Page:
Speaker 2 (00:02:27) - We hire smart people so they can tell us what to do. I like this because it gets to the essence of what I'm talking about. You need to change your mindset on hiring. It's about leverage. Stop focusing on what the employee is going to cost you. This is this is a common mistake that we see on a regular basis where people just view an employee as a cost. Instead, let's let's focus on the employee as as one an asset to the firm. But this asset is going to give you leverage. All right. Stop thinking of them as just a cost to the firm, a drain to the firm. That's not what they are. They are there to add value and give you that leverage and focusing on the wrong things. As we we talk about quite a bit, this is going to lead us down the wrong path and we don't want that. Obviously, you want to to be focusing on the right things. All right. So how can you discern that golden moment when adding a new member becomes imperative? Because and I think that's I think that's the common struggle that people have is actually what do you look for? And I'd say that there's three major areas that I look at when deciding whether or not we need to hire someone.

Speaker 2 (00:03:41) - And really, overcapacity is the first thing I look at. So if you're if you're current team as it currently exist, is consistently stretching beyond their capacity, then this is a very, very big probably the number one telltale sign that you need to add more seats on the bus. So look for that. Look for that overcapacity where you're starting to stretch your team to thin the other one. And that one I obviously that one's seems probably a little obvious, but it's not always obvious to all people. The number the number two thing that I look for is, is that multitasking mania that you probably put a lot of people through. If you have a few employees that are wearing too many hats and maybe it's more than a few, maybe it's many of your employees that are wearing too many hats. One, I think it's important to identify the fact that effectiveness will start to dwindle when you do that quite a bit, actually. But this is another sign that if you've got, I'd say at least two people that are wearing multiple hats or doing too many things, especially if you have, let's say you have a paralegal and you have a receptionist, the receptionist leaves and now you have your paralegal doing some bookkeeping, answering the phone as well, and also doing the paralegal activities.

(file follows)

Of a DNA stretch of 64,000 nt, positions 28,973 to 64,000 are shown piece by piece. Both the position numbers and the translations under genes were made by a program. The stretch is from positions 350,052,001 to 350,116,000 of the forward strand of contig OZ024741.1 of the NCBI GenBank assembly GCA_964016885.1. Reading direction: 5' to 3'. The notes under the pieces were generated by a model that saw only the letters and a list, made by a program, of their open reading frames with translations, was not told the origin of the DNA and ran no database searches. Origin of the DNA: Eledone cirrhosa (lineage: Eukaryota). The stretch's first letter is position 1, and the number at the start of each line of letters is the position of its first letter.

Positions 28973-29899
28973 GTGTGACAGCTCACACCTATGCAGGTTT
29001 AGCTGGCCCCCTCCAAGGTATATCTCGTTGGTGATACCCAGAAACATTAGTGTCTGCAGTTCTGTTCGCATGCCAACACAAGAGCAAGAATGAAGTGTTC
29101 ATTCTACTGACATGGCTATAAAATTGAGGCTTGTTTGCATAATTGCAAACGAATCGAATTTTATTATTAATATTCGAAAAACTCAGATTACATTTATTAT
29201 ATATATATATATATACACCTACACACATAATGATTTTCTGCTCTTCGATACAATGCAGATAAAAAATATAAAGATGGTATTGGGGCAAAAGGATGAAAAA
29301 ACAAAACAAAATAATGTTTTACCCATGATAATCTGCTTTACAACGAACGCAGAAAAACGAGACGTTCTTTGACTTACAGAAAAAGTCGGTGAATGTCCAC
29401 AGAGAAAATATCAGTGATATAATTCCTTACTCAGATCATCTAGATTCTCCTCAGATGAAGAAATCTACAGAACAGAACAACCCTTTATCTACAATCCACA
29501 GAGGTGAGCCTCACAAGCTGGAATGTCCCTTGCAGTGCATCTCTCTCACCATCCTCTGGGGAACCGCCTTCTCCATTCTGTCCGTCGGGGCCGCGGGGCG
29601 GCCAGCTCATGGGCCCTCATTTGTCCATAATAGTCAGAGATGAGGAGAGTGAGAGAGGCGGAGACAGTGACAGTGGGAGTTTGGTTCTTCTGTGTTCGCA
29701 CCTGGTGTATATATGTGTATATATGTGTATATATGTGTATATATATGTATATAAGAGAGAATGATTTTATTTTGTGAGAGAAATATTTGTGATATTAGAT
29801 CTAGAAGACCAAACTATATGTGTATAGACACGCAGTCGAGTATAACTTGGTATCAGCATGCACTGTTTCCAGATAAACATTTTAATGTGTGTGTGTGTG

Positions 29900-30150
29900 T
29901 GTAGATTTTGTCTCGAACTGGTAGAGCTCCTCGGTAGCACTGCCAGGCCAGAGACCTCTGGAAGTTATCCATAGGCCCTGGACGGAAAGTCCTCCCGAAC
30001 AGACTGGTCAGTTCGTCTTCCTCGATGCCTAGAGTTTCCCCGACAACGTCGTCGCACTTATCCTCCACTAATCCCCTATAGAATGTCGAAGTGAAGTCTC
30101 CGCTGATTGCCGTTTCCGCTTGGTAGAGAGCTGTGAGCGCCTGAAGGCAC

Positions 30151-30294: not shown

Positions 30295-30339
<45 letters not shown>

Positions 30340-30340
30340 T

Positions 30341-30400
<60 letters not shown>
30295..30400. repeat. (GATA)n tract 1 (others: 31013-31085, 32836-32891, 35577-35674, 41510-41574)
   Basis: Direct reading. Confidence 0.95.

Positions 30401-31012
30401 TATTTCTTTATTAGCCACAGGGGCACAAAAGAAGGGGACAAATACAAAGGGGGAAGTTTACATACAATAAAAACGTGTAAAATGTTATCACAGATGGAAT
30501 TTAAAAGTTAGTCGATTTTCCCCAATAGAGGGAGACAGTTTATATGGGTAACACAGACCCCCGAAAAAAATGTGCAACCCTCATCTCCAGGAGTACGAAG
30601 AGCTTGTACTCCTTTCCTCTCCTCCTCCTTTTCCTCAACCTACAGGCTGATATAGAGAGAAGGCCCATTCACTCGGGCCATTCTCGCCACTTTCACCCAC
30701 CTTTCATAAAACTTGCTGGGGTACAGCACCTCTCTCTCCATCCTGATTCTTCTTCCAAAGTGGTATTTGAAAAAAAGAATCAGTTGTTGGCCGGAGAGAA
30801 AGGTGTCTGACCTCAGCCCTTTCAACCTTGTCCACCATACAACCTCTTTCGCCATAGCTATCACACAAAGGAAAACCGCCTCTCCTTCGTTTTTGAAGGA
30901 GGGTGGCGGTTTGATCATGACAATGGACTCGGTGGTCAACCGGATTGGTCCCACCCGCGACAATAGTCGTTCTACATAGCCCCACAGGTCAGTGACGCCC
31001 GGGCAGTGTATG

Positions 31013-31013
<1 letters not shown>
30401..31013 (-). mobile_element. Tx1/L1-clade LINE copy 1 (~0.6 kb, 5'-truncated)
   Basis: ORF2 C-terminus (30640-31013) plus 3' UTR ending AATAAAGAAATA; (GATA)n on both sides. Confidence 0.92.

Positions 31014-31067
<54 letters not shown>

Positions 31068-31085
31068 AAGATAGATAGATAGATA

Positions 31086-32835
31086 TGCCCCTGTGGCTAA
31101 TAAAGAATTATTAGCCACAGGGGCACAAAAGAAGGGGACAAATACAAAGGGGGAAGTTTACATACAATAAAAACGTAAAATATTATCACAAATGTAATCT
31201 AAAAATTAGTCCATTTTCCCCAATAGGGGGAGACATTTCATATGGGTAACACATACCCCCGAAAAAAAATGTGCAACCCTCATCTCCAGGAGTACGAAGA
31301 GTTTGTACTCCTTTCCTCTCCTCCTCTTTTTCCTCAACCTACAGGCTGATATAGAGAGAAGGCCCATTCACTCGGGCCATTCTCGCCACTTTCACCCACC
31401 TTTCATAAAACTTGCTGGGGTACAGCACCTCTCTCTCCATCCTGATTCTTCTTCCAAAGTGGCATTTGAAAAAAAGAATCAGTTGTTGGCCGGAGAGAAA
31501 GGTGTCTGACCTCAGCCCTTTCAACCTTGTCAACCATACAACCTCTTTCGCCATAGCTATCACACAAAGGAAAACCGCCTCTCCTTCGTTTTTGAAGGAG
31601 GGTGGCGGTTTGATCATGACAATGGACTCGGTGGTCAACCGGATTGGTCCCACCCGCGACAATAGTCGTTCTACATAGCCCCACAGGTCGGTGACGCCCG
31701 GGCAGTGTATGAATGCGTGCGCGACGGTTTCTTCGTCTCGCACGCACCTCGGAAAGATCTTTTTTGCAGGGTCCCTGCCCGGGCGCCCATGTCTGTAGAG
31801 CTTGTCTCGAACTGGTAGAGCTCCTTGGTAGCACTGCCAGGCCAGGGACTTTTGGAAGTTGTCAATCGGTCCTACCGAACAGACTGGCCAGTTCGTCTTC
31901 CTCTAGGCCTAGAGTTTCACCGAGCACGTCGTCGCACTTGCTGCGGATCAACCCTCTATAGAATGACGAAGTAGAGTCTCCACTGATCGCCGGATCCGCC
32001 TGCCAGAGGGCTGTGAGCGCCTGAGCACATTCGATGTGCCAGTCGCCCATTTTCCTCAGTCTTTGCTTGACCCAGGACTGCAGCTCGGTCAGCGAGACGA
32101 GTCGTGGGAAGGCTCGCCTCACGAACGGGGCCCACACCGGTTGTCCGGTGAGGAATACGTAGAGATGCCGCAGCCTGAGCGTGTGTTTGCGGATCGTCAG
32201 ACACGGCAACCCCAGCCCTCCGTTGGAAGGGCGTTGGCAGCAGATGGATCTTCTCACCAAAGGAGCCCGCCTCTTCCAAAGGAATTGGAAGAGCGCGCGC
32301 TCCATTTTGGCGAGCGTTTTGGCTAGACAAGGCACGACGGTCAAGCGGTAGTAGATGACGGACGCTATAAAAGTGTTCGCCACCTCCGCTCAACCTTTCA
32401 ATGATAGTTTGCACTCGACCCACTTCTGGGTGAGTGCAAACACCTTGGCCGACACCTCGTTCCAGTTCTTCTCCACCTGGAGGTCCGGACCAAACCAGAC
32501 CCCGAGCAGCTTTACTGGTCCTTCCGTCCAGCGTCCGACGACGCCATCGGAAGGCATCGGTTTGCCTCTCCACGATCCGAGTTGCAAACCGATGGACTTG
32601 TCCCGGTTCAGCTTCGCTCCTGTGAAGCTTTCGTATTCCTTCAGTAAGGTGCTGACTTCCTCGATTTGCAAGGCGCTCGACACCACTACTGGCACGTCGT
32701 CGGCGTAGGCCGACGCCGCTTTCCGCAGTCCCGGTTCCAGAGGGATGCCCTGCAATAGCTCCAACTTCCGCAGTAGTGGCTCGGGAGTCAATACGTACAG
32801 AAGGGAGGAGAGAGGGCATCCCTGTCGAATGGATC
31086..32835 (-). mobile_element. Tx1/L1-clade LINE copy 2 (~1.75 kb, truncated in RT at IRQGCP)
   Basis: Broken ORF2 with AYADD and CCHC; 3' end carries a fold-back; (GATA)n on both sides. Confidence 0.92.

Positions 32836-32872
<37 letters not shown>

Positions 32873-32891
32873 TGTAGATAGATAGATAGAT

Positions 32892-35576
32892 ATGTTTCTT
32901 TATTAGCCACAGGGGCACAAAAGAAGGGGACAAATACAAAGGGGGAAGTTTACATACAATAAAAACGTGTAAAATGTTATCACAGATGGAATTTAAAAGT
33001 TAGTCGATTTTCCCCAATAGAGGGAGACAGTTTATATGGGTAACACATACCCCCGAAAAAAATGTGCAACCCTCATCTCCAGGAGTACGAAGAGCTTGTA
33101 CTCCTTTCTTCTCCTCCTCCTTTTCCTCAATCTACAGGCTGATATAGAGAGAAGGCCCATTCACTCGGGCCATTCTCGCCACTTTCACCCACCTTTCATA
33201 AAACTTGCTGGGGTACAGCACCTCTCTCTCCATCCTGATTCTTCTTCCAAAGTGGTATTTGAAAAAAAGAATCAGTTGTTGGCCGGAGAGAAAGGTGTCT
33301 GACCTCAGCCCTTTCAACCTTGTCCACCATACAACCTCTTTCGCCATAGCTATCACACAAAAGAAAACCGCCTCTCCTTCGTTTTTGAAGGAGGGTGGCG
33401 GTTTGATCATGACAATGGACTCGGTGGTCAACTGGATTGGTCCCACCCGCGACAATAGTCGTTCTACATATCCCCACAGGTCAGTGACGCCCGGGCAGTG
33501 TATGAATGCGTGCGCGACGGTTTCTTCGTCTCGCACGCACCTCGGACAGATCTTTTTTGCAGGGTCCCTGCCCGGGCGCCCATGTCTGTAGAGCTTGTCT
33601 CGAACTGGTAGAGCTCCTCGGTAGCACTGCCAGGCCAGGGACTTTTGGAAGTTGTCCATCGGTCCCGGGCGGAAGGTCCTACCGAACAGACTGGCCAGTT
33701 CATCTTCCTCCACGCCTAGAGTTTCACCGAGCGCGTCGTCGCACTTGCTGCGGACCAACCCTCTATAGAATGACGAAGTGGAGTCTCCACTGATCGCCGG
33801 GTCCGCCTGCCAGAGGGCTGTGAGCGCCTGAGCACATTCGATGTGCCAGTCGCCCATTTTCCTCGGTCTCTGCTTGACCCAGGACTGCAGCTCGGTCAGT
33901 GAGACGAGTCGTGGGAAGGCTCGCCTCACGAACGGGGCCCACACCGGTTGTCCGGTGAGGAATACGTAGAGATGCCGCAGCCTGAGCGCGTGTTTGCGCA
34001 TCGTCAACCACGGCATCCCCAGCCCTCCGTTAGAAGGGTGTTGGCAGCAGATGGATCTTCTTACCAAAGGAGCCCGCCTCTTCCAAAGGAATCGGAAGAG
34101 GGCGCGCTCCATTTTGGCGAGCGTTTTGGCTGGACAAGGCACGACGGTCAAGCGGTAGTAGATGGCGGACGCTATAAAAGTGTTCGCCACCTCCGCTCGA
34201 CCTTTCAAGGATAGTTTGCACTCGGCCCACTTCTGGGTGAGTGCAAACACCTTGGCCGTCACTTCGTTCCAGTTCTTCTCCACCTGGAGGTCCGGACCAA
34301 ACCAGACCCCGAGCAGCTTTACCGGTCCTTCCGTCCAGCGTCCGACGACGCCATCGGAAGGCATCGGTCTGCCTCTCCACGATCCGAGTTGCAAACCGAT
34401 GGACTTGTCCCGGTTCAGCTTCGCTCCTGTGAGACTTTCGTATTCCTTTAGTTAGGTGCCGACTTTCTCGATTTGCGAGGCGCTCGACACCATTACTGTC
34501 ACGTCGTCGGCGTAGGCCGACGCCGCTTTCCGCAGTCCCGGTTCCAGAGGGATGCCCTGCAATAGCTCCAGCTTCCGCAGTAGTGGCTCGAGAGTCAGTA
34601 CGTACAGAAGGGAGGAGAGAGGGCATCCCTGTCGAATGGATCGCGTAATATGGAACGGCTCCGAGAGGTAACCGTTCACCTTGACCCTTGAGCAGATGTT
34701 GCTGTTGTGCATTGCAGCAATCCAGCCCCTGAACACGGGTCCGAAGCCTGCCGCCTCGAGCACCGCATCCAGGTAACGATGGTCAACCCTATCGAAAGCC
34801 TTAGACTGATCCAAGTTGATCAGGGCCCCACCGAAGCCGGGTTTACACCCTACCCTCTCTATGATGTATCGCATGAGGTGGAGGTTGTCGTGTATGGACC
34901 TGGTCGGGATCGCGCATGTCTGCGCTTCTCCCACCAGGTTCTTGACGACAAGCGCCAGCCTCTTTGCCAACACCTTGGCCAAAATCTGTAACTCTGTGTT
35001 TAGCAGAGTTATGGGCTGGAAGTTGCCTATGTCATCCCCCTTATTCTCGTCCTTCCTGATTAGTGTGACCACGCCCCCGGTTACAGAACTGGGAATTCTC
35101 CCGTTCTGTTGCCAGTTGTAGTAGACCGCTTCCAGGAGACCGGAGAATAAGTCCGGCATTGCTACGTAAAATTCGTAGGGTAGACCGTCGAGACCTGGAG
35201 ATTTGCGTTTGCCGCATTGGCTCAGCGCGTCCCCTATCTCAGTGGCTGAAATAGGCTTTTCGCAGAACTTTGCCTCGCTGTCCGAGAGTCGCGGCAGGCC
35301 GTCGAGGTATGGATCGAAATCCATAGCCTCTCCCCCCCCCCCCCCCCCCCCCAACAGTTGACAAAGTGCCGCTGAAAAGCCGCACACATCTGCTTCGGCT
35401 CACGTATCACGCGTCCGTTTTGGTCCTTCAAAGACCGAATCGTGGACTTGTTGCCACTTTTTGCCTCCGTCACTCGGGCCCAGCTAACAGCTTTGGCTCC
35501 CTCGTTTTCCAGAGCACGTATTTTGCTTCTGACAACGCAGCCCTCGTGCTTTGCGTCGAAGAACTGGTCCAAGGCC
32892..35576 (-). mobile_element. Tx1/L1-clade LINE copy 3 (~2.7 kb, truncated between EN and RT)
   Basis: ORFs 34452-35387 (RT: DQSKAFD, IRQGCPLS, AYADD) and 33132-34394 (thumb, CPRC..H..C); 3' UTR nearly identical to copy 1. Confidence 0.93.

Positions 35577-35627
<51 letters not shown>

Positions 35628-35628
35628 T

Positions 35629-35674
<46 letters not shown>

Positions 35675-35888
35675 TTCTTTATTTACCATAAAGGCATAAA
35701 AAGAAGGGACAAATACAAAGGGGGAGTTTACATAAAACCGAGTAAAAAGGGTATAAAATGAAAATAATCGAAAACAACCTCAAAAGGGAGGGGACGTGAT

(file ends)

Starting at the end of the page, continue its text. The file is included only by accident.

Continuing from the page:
Speaker 2 (00:04:58) - That's an obvious situation, but maybe it's not so obvious where same employee where you've got the receptionist, you got the paralegal, but you do have them do doing your bookkeeping activities. And the phone is ringing so much that they're also playing. Receptionist. You've got them wearing too many hats and you've got to start to look at maybe thinking, okay, I need to start hiring more people. And this gets more and more difficult as you become begin to scale because you you start to become more disconnected. Connected from your employees. Just it's natural because you've got so many people. So you need to find a way to check in with your employees to figure out all the things that they're doing. Another thing to look at is opportunity cost, and this is probably one that's overlooked the most. Are there great opportunities out there or that you're that you're turning down or clients that you're turning down or losing? This is a key part of it, or you're losing due to your bandwidth. Are you are you getting fired a lot on cases or are firms choosing not to hire you because maybe you're not devoting enough tension to the front end, the conversion, the intake process? So this is another telltale sign on top of that.

Speaker 2 (00:06:05) - So those are the big three that I want to talk about. But I do think it's important that it's there's other considerations that we need to take into consideration. We need to think about when it comes to hiring. One of the first ones is really the financial part of things. And you definitely need to recognize the need for for new employees. But I think you also need to be financially shrewd about this as well. I think that's really, really important. You don't want to don't want to overextend yourself because the I think the last study that I saw, the average cost to hire someone stands just over $4,000. And that's that's just the hiring cost. That's not that's not the actual salary of the person. That's solely the hiring cost. So putting a button, a seat just over 4000 bucks and it takes roughly 42 days to fill that position. Our firm is I've talked about our hiring process before and maybe I'll talk about it in another podcast. But our hiring process is is actually longer than that.